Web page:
“It’s the home of someone of color, and you’re not supposed to really be able to know that,” renowned collector and curator Racquel Chevremont, who put together the art for the set of Leave the World Behind, tells AD. “But as the story goes on, you realize, if you look back at it, there were these hints throughout the home.” Pieces by legendary Black artists, including Glenn Ligon, Torkwase Dyson, and Julie Mehretu, were chosen because Chevremont and set decorator David Schlesinger (of Knives Out and John Wick chapters two and three) agreed that the Scott family’s art “shouldn’t be representational or figurative art; it should be abstract,” Chevremont says. “We also wanted the artwork to signify [G.H.’s] stature and the family’s wealth, so the pieces were by very well-known artists and were not inexpensive.”

The entryway of the Scott home. A Barthélémy Toguo artwork hangs on the wall near the door, functioning as the audience watching on and judging the Sandfords silently.

Photo: JoJo Whilden/Netflix

They operate as wordless side characters, adding tension in the background at every turn. A section of Barthélémy Toguo’s Talking to the Moon stares the Sandfords down in the entryway upon their initial encounter with the Scotts, during which Amanda is painfully hesitant to allow them past the threshold. “It’s like they’re being watched and judged,” Schlesinger says. “That’s the audience, basically, watching them.” While the bright eyes of the Toguo painting command some attention, the house’s other artwork plays subtler roles.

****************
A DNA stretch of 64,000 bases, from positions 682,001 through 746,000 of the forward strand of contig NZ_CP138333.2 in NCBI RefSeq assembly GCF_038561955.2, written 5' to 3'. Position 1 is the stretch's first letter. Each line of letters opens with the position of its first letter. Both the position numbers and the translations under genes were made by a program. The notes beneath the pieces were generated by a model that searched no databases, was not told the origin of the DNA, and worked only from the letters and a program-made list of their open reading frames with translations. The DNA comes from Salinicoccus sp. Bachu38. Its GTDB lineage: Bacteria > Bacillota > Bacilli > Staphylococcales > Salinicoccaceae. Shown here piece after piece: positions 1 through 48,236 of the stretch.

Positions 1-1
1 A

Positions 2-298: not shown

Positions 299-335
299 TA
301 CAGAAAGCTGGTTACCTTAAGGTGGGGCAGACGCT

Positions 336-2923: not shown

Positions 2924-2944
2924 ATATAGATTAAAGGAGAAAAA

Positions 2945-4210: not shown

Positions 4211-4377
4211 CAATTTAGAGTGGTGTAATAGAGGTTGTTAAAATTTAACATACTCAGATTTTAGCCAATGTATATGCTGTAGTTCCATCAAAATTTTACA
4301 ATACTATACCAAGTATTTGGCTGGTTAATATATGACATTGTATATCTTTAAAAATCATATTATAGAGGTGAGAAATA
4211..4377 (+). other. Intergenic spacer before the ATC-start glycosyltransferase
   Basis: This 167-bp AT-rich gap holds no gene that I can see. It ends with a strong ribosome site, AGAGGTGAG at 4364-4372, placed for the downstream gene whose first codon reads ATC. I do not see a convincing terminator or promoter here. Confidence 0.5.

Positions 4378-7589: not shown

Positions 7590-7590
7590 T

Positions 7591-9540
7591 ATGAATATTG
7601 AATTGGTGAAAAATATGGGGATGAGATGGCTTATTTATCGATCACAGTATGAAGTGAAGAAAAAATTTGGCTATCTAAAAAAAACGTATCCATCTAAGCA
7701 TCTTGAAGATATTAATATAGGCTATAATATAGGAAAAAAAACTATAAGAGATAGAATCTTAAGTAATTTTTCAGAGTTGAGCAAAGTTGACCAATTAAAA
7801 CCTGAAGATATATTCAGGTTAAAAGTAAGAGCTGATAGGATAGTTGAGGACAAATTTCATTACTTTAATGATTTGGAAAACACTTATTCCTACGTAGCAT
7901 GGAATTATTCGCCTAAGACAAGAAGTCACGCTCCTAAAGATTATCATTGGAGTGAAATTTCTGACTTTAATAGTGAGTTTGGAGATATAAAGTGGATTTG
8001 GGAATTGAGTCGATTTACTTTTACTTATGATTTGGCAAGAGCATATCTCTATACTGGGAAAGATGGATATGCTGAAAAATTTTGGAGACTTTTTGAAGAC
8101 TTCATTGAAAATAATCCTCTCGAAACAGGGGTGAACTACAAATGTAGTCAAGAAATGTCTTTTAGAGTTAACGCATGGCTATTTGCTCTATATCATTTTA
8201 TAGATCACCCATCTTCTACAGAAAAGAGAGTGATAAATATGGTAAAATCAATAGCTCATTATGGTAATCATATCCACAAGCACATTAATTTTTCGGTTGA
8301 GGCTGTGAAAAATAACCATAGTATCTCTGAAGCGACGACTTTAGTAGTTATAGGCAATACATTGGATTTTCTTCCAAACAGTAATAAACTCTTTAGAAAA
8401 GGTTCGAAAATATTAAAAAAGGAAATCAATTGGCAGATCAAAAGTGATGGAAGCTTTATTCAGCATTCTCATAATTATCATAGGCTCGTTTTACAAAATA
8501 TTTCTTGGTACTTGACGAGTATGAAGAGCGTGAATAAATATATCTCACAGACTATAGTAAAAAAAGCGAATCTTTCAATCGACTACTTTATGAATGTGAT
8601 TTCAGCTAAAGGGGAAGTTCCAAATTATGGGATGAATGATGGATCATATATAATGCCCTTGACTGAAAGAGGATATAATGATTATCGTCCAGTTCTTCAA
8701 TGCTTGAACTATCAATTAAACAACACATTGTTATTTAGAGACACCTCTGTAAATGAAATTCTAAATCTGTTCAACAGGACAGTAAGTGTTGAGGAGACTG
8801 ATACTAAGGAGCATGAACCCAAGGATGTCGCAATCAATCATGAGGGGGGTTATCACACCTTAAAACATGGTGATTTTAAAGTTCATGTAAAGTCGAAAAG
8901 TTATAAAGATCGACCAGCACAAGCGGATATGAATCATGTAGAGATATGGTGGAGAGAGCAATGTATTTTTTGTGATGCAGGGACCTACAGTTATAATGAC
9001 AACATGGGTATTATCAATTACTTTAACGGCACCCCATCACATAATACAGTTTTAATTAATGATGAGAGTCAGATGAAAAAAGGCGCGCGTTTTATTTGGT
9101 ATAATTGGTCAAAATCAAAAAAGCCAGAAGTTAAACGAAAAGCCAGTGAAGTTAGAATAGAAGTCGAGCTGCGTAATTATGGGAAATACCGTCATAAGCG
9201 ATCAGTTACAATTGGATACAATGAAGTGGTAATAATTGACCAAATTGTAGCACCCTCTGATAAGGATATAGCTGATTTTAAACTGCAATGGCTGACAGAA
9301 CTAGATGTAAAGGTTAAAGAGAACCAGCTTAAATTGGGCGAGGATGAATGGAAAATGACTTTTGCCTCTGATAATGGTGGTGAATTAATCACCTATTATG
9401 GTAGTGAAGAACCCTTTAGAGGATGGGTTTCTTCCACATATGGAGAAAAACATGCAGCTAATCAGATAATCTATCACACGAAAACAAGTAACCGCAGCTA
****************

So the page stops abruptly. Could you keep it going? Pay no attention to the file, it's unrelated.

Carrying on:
In the early moments of their time in the rental home, the Ligon piece feels reminiscent of a Holter monitor denoting a somewhat regular heart rate as the family is at relative ease.

Photo: JoJo Whilden/Netflix

When the televisions go out, the chaos in the painting increases and combines with the static of the off-air television to create a feeling of a control room that has lost all signal.

Photo: JoJo Whilden/Netflix

As the feeling of impending doom and total loss of connection to the outside world looms, the final iteration of the Ligon painting is the most frenetic of all.

Photo: JoJo Whilden/Netflix

In the living room, three Ligon pieces silently ramp up the anxiety from their place on the wall as the signs of impending disaster—among them, loud unexplained screeching sounds, planes crash landing onto the shore, and exotic animals wandering onto the grounds out of nowhere—coalesce into an undeniable Armageddon. “If you go back and take a look at it, [the artwork on the living room wall] changes—a lot of people, I think, might miss that,” Chevremont says. “That staticky, chaotic feeling increases as the film goes on.”

Increasing the atmosphere of anxiety via changing art through the film’s progression was a technique the team employed upstairs as well. “We did the same thing in the bedroom with the wallpaper, which is a seascape,” Schlesinger says. “Early in the movie it’s very calm. By the end, it’s total roaring waves.”

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